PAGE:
As e-commerce giant Amazon faces a US government's probe into its warehouse collapse in the state of Illinois that left six people dead, workers at the facility have told The Intercept that they received almost no emergency training and were discouraged from taking time off during natural disasters - something that appears to be common across the company's warehouses.
The Occupational Safety and Health Administration (OSHA) in the US has opened an investigation into the collapse of an Amazon warehouse. The roof had collapsed after a powerful tornado hit the facility on December 10.
"Despite hours of notice that severe weather was imminent, workers were not sent home before a tornado struck the warehouse and killed six people," reports The Verge.
Courtenay Brown, a worker at an Amazon Fresh warehouse in Avenel, New Jersey, was quoted as saying in the report that workers there also received little training about what to do in an emergency.
"They teach you how to do the job, show you what to do, then you go on your own, and that's it," Brown said in the report on Wednesday.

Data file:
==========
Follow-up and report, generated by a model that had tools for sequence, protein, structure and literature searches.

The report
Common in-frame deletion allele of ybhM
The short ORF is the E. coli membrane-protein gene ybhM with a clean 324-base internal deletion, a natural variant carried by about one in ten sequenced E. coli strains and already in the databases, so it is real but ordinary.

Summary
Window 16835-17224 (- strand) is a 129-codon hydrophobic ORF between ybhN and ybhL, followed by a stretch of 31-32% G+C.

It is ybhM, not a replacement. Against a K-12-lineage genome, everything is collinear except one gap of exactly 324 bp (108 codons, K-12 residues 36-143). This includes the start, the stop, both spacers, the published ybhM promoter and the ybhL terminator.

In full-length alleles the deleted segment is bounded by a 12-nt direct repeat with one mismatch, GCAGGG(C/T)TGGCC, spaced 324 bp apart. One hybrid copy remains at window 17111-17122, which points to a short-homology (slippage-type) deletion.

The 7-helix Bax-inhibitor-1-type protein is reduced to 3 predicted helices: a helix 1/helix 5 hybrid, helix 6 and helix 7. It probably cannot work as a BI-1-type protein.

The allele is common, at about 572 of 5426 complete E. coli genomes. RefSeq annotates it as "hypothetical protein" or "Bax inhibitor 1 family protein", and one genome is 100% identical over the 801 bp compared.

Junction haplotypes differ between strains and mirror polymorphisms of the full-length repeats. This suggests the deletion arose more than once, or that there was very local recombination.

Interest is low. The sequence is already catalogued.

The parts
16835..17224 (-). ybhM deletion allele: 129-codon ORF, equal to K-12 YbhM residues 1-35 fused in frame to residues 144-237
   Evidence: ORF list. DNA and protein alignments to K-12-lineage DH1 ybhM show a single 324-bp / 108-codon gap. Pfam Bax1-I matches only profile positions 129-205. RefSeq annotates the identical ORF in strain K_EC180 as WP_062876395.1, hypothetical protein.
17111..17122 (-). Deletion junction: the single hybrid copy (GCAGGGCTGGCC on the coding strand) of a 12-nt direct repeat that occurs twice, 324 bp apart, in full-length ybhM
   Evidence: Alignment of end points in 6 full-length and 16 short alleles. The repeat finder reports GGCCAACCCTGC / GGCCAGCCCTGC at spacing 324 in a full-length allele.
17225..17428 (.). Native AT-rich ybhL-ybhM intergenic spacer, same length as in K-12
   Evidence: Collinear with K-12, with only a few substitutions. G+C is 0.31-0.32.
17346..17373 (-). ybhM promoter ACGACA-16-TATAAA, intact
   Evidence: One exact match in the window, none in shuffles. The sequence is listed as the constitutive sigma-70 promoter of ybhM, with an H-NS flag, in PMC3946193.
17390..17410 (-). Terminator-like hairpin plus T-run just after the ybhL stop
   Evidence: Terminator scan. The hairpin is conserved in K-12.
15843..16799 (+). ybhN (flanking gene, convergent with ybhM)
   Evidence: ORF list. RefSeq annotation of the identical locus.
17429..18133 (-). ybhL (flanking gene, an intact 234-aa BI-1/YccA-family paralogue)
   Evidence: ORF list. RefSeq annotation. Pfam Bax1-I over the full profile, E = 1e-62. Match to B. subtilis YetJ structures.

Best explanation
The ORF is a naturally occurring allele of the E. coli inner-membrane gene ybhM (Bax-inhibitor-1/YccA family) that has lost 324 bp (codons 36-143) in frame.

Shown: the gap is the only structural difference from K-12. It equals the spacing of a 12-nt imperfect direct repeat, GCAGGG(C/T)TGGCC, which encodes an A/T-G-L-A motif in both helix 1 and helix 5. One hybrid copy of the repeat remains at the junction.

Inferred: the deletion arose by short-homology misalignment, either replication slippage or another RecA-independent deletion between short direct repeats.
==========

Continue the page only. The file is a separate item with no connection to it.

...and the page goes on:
Amazon did not answer questions about why it decided to keep its warehouses open despite the severe weather.
In an email to The Verge, Amazon PR manager Alisa Carroll said that "emergency response training is provided to new employees and that training is reinforced throughout the year".
"OSHA guidance clearly states to take shelter immediately when there's a tornado warning. Our leaders on the ground followed their training and did just that, moving quickly to get people to take shelter immediately. That likely saved many lives from this storm," Carroll was quoted as saying.
However, this is not the first time Amazon has been found short of providing enough facilities and training at its warehouses.
In June, during a record heat wave in the Pacific Northwest, some workers at an Amazon warehouse in Washington state said many workstations lacked functioning fans, and temperatures inside the facility were close to 90 degrees.
According to the report, at Amazon's JFK8 facility in Staten Island in the US, workers reported in July that the warehouse was too hot, while they were pushed to keep "working at a non-stop pace".
The tragedy is now galvanising labour groups, which see it as part of a broader problem with the e-commerce giant.
Questions are being raised over whether adequate shelter was available, whether workers were advised to go there immediately, and whether the shifts should have gone ahead that evening at all, given the warnings of severe weather.